CHapter 7- SYstems with 2 components by yurtgc548


									Trace Element Variation

Winter Chapter , pp. 155-166
Large magnitude of
difference in trace
element concentrations

Harker Diagram for Crater
Lake from Winter (2001)
      Goldschmidt’s First Rule
Ions with the same valence and radius should
  exchange easily and enter a solid solution in
  amounts equal to their overall proportions

  l   What major element does Rb follow?

  l   What major element does Ni follow?
       Goldschmidt’s Second Rule
If 2 ions have a similar radius and the same valence: the smaller
    ion is preferentially incorporated into the solid over the liquid

                                               Isobaric T-X phase
                                               diagram at atmospheric
                                               pressure After Bowen and
                                               Shairer (1932), Amer. J.
                                               Sci. 5th Ser., 24, 177-213.
    Goldschmidt’s Third Rule

If two ions have a similar radius, but a different

the ion with the higher charge is preferentially
  incorporated into the solid over the liquid
   Chemical Fractionation

Refers to the uneven distribution of an ion
 between two competing (equilibrium)
 phases (liquid:solid or solid:solid or

This produces different concentrations
 and ratios of elements in the final
Exchange equilibrium of a component i between
 two phases (solid and liquid)
         i (liquid) = i (solid)
                 a isolid         gi X isolid
         K=      a iliquid   =    gi X iliquid
       K = equilibrium constant
             Henry’s Law

The activity of trace elements that follow
  Henry’s Law varies in direct relation to
  their concentration in the system.
   Henry’s Law Consequences
• If XNi in the system doubles, then XNi in all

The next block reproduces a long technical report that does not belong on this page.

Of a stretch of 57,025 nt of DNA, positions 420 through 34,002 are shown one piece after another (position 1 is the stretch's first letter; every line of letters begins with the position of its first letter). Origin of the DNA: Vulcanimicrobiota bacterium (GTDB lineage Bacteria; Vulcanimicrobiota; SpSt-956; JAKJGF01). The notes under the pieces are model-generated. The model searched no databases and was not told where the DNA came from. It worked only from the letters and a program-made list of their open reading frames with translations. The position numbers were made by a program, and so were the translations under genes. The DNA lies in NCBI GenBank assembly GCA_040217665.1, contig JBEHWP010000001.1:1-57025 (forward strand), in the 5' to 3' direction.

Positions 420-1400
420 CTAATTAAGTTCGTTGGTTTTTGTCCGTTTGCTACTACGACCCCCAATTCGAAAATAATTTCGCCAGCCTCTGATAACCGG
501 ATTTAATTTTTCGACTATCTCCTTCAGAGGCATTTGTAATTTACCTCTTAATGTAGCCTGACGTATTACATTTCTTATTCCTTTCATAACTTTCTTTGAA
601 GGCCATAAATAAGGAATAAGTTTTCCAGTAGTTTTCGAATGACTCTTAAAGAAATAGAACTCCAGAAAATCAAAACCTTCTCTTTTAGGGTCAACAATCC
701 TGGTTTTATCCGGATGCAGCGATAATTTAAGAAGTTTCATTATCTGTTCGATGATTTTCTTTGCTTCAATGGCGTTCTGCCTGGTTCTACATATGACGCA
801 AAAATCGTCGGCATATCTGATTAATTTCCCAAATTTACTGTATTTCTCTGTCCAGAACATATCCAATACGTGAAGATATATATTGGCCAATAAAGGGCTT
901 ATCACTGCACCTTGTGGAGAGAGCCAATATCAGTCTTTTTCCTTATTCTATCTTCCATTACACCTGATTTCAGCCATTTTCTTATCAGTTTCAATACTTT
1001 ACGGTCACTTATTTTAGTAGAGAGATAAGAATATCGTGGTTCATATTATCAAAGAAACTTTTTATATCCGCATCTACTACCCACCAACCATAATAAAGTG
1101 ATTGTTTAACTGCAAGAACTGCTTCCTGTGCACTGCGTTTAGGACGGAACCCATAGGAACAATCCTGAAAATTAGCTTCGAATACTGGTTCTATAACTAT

phases will double.

• This does not mean that XNi in all phases is
  the same, since trace elements do
• Rather the XNi within each phase will vary
  in proportion to the system concentration.
Incompatible elements are concentrated in the

           (KD or D) « 1

Compatible elements are concentrated in the solid
          KD or D » 1
For dilute solutions we can substitute D for KD:


Where CS = the concentration of some element in
 the solid phase
Incompatible Element Subgroups
• Smaller, highly charged high field strength
  (HFS) elements: (REE, Th, U, Ce, Pb4+, Zr,
  Hf, Ti, Nb, Ta)
• Low field strength large ion lithophile (LIL)
  elements (K, Rb, Cs, Ba, Pb2+, Sr, Eu2+) are
  more mobile, particularly if a fluid phase is
Compatibility depends on minerals and melts involved
              Which are incompatible? Why?
• For a rock, you may determine the bulk
  distribution coefficient D for an element by
  calculating the contribution for each mineral
                    Di = S W A Di

    WA = weight % of mineral A in the rock
    Di = partition coefficient of element i in
          mineral A
Example: hypothetical garnet lherzolite = 60% olivine, 25%
orthopyroxene, 10% clinopyroxene, and 5% garnet (all by weight),
DEr = (0.6 · 0.026) + (0.25 · 0.23) + (0.10 · 0.583) + (0.05 · 4.7) =
Strong Partition of Ni in Olivine

Ni Harker Diagram for Crater Lake from Winter (2001)
Incompatible trace elements concentrate in the liquid
They reflect the proportion of liquid at a given state of
  crystallization or melting

                                        Zr Harker Diagram
                                        for Crater Lake
                                        from Winter (2001)
The concentration of a major element in a
 phase is usually buffered by the system, so
 that it varies little in a phase as the system
 composition changes

                            At a given T we could
                            vary Xmelt from
                            between 20 and 60 %
                            Mg/Fe without
                            changing the
                            composition of the melt
                            or the olivine
          Use of K/Rb Ratio
• K/Rb often used to estimate the importance
  of amphibole in a source rock

• K & Rb behave very similarly, so K/Rb
  should be ~ constant

• If amphibole is present, it contains almost
  all the K and Rb in the source rock
Amphibole has a D of about 1.0 for
 K and 0.3 for Rb
Most common minerals except, plagioclase, exclude Sr
Ba is similarly excluded, except in alkali feldspar
    Compatible Element Example
• Ni is strongly fractionated, in olivine > pyroxene
• Cr and Sc are greater in pyroxenes » olivine
• Ni/Cr or Ni/Sc can distinguish the effects of olivine and
  augite in a partial melt or a suite of rocks produced by
  fractional crystallization

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